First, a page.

Tuberculosis in China
- In spite of well-researched treatments and therapies, 5 to 10 percent of tuberculosis (TB) patients who have initially successful TB treatments will relapse, usually within a year after completion of therapy. This percentage is even greater for patients who are infected with multi-drug resistant and extensively drug resistant types of TB. Because the People s Republic of China has the second highest number of TB cases in the world, researchers are interested in studying TB patients in China to evaluate their response to treatment on a long-term basis.
- To improve TB diagnosis and testing by determining the number and proportion of patients admitted with suspected TB who actually have TB (definite or probable).
- To assess the prevalence of non-tuberculosis bacteria among patients with presumed TB.
- Individuals between 18 and 65 years of age who have been admitted to Henan Provincial Chest Hospital with suspected tuberculosis.
- Participants will be divided into three groups, based on their diagnosis after admission. Another group of individuals who do not have TB will be enrolled as controls for comparison purposes during the study.
- The study will use computed tomography (CT) scans of the chest at initial enrollment, 2 months, and 6 months to evaluate disease response to treatment. Incidents of TB that are not in the chest area (extrapulmonary TB) will also be studied.
- The study will also monitor the treatments and therapies used against the disease, changes in patients immune systems, and any changes in the biological samples taken over the course of treatment.
Extensively Drug Resistant Tuberculosis
|Study Design:||Time Perspective: Prospective|
|Official Title:||A Natural History Study of Tuberculosis in China; Correlates of a Successful Response to Treatment|
|Study Start Date:||February 2010|
Despite optimal antimicrobial treatment with directly observed short-course therapy (DOTS), about 5-10 percent of drug-compliant patients with cured tuberculosis (TB or MTB) relapse, usually within a year after completion of therapy. This percentage is even greater for patients that have previously been treated for TB who often are infected with multi-drug resistant (MDR) and extensively drug resistant (XDR) organisms. The People s Republic of China has the second highest number of cases of TB in the world, with a rate of 101 cases/100,000 person-years estimated for 2004. Based on the data of the 4th national TB epidemiological survey in 2000, it is estimated that there were 1.96 million instances of pulmonary TB. With an established MDR TB prevalence of 10.7 percent, there were an estimated 209,720 cases of pulmonary, bacteriology confirmed MDR TB in China in 2000. About half of all prevalent cases of TB disease in 2000 were extrapulmonary.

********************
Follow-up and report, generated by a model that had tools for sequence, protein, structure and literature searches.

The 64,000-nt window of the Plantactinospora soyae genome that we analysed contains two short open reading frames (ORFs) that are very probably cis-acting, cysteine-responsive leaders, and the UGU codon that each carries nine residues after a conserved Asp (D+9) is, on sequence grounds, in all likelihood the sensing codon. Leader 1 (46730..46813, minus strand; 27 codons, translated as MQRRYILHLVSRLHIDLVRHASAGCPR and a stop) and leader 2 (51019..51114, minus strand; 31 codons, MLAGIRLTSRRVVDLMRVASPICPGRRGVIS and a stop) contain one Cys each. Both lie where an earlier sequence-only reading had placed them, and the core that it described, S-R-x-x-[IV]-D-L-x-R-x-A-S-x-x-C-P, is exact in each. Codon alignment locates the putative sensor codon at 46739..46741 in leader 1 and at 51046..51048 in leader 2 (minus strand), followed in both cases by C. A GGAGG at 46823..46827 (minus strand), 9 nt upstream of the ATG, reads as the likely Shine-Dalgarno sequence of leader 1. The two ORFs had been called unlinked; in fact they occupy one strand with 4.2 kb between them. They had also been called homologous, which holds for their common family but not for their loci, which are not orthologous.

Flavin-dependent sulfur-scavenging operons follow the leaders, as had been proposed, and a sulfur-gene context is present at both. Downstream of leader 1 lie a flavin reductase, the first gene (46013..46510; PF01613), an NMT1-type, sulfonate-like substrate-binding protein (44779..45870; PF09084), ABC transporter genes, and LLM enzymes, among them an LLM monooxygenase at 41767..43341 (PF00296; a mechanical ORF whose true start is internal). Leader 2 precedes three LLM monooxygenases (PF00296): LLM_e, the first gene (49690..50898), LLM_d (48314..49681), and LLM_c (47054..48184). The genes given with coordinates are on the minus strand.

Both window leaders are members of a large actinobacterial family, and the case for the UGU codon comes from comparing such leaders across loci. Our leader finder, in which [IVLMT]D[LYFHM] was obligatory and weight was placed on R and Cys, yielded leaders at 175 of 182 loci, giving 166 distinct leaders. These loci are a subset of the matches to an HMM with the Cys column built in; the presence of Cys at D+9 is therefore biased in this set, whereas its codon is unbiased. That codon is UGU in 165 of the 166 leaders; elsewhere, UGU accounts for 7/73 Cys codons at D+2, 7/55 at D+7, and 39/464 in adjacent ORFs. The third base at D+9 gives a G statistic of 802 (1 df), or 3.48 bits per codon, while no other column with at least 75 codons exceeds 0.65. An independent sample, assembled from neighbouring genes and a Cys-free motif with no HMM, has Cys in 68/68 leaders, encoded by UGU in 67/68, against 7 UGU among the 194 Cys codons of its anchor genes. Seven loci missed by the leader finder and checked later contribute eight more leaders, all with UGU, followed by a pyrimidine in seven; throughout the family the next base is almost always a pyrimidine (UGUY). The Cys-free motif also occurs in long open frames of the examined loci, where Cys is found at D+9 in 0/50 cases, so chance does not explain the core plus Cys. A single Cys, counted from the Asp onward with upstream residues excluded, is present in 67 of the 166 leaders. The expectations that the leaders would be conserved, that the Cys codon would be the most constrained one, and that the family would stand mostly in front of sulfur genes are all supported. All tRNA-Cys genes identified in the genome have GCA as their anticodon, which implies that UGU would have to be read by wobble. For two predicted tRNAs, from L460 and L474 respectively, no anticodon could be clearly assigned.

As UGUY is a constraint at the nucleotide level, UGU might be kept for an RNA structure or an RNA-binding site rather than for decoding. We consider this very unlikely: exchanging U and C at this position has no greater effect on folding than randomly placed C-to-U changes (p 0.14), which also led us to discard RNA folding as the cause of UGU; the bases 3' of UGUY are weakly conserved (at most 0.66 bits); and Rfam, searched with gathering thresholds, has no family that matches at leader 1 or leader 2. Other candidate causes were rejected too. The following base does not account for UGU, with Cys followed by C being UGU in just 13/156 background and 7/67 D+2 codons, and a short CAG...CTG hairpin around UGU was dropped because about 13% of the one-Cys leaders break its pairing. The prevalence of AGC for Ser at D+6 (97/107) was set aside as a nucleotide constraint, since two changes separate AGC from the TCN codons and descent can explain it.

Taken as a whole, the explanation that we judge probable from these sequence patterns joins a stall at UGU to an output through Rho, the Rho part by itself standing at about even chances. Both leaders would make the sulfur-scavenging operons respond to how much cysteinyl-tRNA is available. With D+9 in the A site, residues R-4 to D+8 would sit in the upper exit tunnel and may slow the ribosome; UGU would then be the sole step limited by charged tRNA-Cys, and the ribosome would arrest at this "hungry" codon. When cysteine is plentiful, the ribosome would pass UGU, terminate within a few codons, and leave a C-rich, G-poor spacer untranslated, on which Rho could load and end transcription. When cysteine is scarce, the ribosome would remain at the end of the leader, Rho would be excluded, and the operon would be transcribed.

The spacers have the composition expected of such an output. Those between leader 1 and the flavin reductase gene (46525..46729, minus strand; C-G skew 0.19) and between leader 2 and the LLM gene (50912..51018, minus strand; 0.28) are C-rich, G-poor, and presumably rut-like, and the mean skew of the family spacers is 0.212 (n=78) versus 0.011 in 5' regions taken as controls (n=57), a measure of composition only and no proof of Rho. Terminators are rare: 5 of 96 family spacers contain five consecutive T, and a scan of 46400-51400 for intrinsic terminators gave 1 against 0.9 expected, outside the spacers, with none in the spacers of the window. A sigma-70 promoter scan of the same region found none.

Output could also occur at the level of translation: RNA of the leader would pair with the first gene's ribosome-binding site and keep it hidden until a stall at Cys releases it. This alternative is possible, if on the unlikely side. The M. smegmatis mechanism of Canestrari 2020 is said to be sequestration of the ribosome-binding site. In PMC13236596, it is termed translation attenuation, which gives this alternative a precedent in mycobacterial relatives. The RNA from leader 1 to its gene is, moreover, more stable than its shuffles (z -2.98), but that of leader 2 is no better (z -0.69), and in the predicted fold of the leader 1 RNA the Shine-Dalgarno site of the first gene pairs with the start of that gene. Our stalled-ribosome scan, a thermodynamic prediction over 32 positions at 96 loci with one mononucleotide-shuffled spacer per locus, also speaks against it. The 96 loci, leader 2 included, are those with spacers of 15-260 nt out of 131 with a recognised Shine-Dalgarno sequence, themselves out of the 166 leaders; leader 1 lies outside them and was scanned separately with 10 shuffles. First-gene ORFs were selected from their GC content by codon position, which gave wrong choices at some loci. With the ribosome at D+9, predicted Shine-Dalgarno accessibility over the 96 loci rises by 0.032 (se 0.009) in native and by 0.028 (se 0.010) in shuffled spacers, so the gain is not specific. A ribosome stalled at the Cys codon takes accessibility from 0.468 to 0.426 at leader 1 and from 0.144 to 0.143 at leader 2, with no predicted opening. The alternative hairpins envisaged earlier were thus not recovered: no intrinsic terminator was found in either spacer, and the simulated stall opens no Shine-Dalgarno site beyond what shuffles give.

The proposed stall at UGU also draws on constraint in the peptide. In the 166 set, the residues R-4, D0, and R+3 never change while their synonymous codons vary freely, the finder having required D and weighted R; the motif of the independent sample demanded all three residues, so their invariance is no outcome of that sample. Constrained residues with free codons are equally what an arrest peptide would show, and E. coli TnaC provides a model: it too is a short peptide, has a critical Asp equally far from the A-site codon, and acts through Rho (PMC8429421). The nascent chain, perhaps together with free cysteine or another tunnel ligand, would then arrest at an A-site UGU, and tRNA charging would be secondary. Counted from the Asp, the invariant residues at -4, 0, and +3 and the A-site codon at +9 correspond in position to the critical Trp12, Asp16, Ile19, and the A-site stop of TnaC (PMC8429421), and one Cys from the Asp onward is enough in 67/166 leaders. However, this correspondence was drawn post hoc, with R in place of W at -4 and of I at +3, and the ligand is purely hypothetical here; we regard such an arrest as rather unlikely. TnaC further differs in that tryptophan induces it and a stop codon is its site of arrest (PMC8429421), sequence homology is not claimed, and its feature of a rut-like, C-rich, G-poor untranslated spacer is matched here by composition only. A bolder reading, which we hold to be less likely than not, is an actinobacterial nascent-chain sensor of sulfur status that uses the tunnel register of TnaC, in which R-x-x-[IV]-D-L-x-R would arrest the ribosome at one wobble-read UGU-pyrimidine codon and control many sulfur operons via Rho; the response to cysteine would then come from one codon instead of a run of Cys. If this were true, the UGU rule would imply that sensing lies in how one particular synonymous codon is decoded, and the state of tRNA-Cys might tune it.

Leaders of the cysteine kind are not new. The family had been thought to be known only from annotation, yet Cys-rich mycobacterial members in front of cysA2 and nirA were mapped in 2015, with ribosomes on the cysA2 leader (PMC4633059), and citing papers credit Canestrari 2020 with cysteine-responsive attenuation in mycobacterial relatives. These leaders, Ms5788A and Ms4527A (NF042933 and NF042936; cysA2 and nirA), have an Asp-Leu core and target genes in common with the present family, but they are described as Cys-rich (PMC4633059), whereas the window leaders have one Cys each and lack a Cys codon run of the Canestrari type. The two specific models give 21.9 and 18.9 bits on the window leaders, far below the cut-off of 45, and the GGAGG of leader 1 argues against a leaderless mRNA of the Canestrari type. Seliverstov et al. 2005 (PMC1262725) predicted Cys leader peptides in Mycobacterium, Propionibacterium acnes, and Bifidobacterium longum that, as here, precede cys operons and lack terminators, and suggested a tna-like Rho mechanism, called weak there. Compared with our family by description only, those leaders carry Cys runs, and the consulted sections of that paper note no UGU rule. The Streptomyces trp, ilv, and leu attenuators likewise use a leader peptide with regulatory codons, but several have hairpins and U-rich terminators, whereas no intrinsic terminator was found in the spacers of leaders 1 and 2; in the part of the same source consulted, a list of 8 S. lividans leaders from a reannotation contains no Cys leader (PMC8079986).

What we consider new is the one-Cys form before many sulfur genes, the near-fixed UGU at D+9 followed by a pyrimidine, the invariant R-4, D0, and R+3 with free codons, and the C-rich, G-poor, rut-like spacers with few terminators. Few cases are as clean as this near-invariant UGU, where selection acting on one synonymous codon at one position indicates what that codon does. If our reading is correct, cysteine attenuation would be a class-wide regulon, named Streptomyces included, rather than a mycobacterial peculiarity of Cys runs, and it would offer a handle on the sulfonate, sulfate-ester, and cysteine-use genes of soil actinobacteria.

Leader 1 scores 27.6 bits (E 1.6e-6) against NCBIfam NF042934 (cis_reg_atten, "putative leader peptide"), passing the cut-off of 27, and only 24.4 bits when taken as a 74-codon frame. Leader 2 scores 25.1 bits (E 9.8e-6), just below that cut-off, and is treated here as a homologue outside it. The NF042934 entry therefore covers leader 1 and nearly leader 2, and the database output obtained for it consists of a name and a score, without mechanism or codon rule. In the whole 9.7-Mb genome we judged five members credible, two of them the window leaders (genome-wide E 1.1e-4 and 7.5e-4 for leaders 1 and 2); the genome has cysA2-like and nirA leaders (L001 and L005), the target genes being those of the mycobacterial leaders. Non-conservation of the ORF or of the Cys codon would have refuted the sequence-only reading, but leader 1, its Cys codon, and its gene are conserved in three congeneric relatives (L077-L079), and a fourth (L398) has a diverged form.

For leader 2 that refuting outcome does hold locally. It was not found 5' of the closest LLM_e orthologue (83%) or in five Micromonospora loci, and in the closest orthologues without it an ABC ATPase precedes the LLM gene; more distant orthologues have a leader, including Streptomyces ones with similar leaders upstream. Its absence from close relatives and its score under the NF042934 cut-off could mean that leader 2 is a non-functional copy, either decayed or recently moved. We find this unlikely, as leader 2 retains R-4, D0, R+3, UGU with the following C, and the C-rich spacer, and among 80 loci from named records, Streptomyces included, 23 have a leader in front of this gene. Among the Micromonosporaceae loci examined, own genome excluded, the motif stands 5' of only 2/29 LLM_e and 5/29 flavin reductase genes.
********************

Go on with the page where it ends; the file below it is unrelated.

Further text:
This prospective longitudinal natural history study will monitor 150 subjects with suspected TB at the Henan Provincial Chest Hospital during their initial response to antituberculous chemotherapy. The subjects will be divided into 3 groups of TB-infected individuals: Cohort A) acid-fast bacilli (AFB) smear positive pulmonary disease; Cohort B) smear negative pulmonary disease; and Cohort C) extra-pulmonary disease (EPTB) in order to reflect the spectrum of TB manifestations observed at Henan Provincial Chest Hospital. We will also be enrolling 45 non-TB suspects as controls (Cohort D). The control group will serve as a comparison group for exploratory immunologic and diagnostic assays that may, in the future, serve as ways to diagnose TB and/or evaluate response to therapy.
In this exploratory study, we will be looking at the change in total volume of disease as detected by computerized tomography scans of the chest at baseline, at 2 months, and at 6 months. We will also be looking at scanned regions of extrapulmonary TB. In addition, we will monitor chemotherapeutic regimen, changes in the host immune response, overall changes in clinical parameters, initial and acquired drug-resistance of the infecting isolates, and changes in bacterial and host markers in subject samples during chemotherapy. In each case, we will look for associations of these parameters with rates of disease resolution correlated with specific structural features determined by computerized tomography scanning of the sites of TB disease (with the exception of TB meningitis and cutaneous TB, for which there are no specific lesions to follow radiographically). These studies will allow us to evaluate the use of entry criteria in future clinical trials and eventual TB diagnosis confirmation using these entry categorizations. We will also be able to examine the impact of initial regimen selection, and subsequent modifications, mycobacterial strain characteristics, extent of disease, types of lesions and host immunologic response to the overall outcome of chemotherapy, as well as potentially identify surrogate markers for improving monitoring of the response to chemotherapy.
|Henan Provincial Chest Hospital|
|Zhengzhou, China, 450003|
|Principal Investigator:||Clifton E Barry, Ph.D.||National Institute of Allergy and Infectious Diseases (NIAID)|